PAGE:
Deion Sanders still wears a mink coat, proof he has maintained some of the flamboyance that characterized his earlier reign as a flashy, outspoken NFL gamebreaker.
Since coming out of retirement to join the Baltimore Ravens two years ago, however, Sanders hasn't felt the need to preen for the cameras. He doesn't high-step down the field after a rare interception, either.
"At this point and age in my career I'm not looking for a stage," Sanders said in an interview with AP. "I'm looking to teach the young players how to be professional, how to be a man, how to be a father, how to be a friend, how to handle your finances."
The 38-year-old Sanders almost certainly will head into retirement -- again -- after the Ravens finish their season on New Year's Day.
"It's very conceivable," he said.
Sanders went to eight Pro Bowls and was the 1994 defensive player of the year before slipping into retirement after the 2000 season. He was making good money as an football analyst when he scrapped the comfort of the TV studio to return to the NFL.
His objective was to help the Ravens win a championship and add another Super Bowl ring to his collection. It didn't turn out that way -- Baltimore went 9-7 last year and is assured of a losing record this season -- but Sanders has no regrets.
"I thought I came back to win a Super Bowl. But I found out in the middle of last season that's not what I came back for. I came back for these men inside the locker room," Sanders said. "It wasn't about playing with those guys, it was about allowing those guys to see the man behind the persona."
The old Deion Sanders loved to put on a show. But Neon Deion is a thing of the past. Sanders has become a professional, mature man who last Monday handled his interception of Green Bay's Brett Favre without a hint of fanfare.
"You know what I tell the guys? I'm not as good as I once was, but I'm good once as I've ever been," he said. "And you never know when that once is. They don't know, if you try me, that might be that once. I can cover in my sleep."
He can certainly do it at age 38. His two interceptions is tied for the team lead, and he's knocked away five other passes and made 38 tackles.
That's fine, but back in his heyday, Sanders played wide receiver, cornerback and ran back punts.
"I remember when there was a time I just felt invincible out there -- that you're going to have to deal with me one way or another, whether it's defensively, or running back a punt, or offensively," he recalled.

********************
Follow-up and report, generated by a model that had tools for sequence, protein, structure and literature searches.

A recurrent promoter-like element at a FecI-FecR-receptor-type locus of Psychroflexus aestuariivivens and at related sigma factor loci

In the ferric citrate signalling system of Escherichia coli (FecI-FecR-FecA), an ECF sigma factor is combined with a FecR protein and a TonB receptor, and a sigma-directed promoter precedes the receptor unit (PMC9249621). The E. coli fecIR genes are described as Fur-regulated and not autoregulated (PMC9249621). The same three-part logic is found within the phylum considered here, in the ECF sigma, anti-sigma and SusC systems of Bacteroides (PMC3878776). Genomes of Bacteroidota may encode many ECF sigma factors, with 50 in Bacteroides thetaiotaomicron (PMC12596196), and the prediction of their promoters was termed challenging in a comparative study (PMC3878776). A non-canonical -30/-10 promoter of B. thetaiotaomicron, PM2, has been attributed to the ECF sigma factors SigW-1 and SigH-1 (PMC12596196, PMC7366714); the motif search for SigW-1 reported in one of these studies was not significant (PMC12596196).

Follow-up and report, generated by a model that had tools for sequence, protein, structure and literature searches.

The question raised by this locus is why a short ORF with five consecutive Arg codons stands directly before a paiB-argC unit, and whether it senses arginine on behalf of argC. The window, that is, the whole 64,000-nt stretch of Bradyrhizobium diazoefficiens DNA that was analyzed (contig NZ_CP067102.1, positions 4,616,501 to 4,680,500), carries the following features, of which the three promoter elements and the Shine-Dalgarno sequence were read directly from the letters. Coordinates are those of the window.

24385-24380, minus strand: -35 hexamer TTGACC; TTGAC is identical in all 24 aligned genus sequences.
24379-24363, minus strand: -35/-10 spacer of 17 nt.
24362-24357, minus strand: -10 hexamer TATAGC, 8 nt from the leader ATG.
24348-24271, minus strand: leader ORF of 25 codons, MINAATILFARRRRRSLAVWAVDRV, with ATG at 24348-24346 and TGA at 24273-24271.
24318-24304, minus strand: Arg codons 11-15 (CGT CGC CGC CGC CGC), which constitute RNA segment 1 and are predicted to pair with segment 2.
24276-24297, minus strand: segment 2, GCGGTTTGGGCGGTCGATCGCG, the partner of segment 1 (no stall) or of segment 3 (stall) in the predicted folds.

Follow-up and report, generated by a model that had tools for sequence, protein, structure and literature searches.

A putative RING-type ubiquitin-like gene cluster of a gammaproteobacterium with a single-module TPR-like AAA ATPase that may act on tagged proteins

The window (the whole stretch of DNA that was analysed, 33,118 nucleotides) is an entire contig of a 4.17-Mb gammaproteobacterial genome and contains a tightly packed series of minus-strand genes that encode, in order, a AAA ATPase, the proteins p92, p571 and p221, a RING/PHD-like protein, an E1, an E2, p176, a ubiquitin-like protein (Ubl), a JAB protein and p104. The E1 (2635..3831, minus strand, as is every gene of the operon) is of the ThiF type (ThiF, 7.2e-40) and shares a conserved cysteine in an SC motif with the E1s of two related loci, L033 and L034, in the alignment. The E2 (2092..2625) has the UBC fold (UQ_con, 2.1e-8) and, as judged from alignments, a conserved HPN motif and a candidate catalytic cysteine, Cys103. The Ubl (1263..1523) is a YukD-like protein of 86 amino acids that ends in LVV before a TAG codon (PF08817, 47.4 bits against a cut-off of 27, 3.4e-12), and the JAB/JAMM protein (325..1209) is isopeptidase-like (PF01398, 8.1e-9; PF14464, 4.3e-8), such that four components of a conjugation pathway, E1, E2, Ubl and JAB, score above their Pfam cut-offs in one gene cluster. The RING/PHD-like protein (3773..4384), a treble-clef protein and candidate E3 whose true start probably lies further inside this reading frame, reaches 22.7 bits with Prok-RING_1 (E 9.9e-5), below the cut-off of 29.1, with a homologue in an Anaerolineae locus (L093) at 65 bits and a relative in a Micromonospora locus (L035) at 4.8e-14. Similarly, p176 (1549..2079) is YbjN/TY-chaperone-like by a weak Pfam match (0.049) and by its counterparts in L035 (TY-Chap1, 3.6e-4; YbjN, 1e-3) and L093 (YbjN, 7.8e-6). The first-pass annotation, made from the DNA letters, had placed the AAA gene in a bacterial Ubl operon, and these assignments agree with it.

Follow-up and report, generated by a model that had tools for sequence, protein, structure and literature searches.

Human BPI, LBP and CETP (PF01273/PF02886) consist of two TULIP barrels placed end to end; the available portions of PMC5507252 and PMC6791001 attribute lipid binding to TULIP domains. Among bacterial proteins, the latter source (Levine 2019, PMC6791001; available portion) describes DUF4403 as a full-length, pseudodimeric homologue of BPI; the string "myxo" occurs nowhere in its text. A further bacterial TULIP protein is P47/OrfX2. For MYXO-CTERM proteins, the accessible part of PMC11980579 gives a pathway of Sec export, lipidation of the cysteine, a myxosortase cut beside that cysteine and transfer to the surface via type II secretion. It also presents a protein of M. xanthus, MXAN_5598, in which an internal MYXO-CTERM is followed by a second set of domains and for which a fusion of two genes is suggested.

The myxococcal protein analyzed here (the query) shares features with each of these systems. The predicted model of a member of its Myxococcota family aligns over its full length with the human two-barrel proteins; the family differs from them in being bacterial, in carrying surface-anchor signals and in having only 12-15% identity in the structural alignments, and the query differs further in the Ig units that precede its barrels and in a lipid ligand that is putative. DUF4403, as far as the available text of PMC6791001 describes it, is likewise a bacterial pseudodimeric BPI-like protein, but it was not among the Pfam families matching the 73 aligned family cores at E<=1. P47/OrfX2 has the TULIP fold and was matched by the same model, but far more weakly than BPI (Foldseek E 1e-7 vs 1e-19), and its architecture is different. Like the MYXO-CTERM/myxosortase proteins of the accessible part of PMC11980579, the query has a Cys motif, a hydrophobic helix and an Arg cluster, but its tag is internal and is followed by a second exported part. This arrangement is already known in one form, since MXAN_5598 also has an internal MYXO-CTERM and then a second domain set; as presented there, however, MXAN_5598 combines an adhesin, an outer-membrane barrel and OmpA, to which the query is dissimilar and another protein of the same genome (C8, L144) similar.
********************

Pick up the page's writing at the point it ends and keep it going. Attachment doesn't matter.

He's been relegated to a nickel back with the Ravens -- a concession to his age -- and for that reason he hasn't had much opportunity to slip into Neon mode.
"It's hard to be that guy one out of seven snaps, sitting over there with the coaches," he said. "But there's a lot of what goes into that. I'm in another role now. I'm like a player-teacher-coach type of role. I'm not upset about it. I'm happy that they respect me enough to listen to me."
Ravens safety Chad Williams is one of several Baltimore defensive backs who have benefited from Sanders' tutelage.
"I didn't know what to think when he came in, but it's all good. It's been a great experience," Williams said. "He'll pull me aside and tell me stuff, not just about football, but about life itself."
Sanders has lent himself to anyone who would lend an ear. He's also tried to lead by example.
"I've tried to let the guys see how I handle people yelling obscenities behind the bench. To see how I handle criticism, people telling me I'm too old, you can't do it," he said. "I want them to see a man that is still, that doesn't move, doesn't shake, doesn't flinch. A man that is planted. I think that's what I came back for."
When he quits for keeps, Sanders probably will be asked to return to the TV studio. But his experience over the past two seasons has caused him to consider an alternate vocation: What he really wants to do is become a coach.
"I don't know how I'm going to approach it, but I know it's something I have the desire to do," he said. "If it's high school, fine. If it's college, first of all, I know I could recruit. That's a given. To say I couldn't get an offensive coordinator and a defensive coordinator from my relationships in the league, that's pretty much foolish. I've got the contacts. Then to say I can't inspire and motivate and encourage, well, that's what I've been doing my whole career."
If Sanders wants to put off that pursuit until 2007, Ravens coach Brian Billick would happily welcome him back.
"That's up to Deion. Having him here, as I've said a thousand times, has been phenomenal," Billick said. "It's been a joy for me to be around such a professional, and to see a guy at this stage of his career prepare the way he does and pass that on to people around him is special. Our guys are better for it."
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